Wednesday, October 11, 2006

The railing connection

Picture two babies fighting over a toy -- that is Russia and Georgia's political feud. In between their torrid love affairs, its baffling just how much they fight.

Last year, both countries decided to reestablish the Transcaucasian rail link between Moscow and Tbilisi that was severed years earlier. The rail resumed earlier this year, but with problems about establishing checkpoints and other usual blah.

Then, Moscow stopped the rail link with Georgia when the conflict started late Sept. Technically, not exactly.

Moscow still operates trains to Abkhazia, a semi-autonomous Georgian province where Russia supports the rebels fighting Georgian forces. Russia first established a rail connection with Abkhazia in 2004. Georgia got upset, saying Russia's actions encouraged separatism in Georgia. Russia didn't care. They yelled boo and kept chugging.

The Abkhazia train service was a minor issue in the widespread fight between Georgia and Russia. Now that Russia has suspended the Tbilisi-Moscow service, that issue could pop up again.

Each political issue they bring to the table -- like the train one -- is so immature and imbecile that it feels like babies fighting over milk. That's just the political issues; the non-political conflict in Abkhazia and South Ossetia itself is a very serious matter.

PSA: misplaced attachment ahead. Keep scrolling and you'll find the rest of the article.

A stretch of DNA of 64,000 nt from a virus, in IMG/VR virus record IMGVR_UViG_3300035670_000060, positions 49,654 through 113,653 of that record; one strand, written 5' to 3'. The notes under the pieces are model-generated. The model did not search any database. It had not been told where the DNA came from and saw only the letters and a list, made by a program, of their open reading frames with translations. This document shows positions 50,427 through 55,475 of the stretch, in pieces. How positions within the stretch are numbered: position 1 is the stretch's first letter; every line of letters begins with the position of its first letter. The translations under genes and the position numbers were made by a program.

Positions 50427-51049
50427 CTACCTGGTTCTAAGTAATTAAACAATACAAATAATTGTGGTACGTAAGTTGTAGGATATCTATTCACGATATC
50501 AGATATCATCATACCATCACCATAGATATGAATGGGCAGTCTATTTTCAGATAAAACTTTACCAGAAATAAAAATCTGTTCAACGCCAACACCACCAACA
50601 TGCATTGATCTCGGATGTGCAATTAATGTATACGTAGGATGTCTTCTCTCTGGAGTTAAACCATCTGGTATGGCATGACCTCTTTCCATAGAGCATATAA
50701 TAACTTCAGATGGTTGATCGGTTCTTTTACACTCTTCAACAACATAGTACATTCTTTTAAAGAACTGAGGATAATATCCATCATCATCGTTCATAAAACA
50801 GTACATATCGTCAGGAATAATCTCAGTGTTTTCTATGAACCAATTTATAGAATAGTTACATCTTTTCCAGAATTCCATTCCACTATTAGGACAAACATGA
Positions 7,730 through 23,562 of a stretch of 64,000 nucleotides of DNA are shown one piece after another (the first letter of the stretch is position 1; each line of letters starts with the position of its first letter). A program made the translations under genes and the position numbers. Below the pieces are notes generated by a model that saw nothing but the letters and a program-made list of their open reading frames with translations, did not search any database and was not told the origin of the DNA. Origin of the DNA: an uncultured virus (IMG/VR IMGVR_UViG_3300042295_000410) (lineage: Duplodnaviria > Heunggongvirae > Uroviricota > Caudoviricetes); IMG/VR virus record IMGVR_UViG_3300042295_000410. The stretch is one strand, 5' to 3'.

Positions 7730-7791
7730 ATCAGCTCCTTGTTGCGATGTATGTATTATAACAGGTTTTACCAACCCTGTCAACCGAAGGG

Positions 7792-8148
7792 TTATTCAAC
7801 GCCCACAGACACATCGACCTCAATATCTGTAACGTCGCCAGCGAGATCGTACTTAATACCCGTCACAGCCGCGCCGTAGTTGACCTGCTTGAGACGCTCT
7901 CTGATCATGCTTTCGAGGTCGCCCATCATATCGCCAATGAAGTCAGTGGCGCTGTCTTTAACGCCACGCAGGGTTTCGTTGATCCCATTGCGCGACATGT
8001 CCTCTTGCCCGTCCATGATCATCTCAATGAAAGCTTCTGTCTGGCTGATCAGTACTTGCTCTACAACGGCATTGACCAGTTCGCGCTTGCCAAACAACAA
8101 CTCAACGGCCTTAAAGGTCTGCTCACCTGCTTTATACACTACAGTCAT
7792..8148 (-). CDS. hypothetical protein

Russia has invested a lot in Georgia, so as long as transportation remains severed, Georgia will suffer economically. Armenia for certain wants the service running, as the train floats from Moscow to Tbilisi down to Baku carrying loads of freight and keeping Armenia's trade connection with Russia alive. At this point, Armenia just has no say.

Try the best they can to bring this fight to the world stage, Russia won't succeed. The world has a lot more crap to deal with right now than Georgia, an unharmful little country in the Russian backwaters. Russia has done what it could to publicize the affair -- evacuate citizens and personnel, sever transport links, try to impose trade sanctions, run a pony and monkey show -- but none of it will work anymore.

This conflict will hopefully end soon, and the trains will run again.


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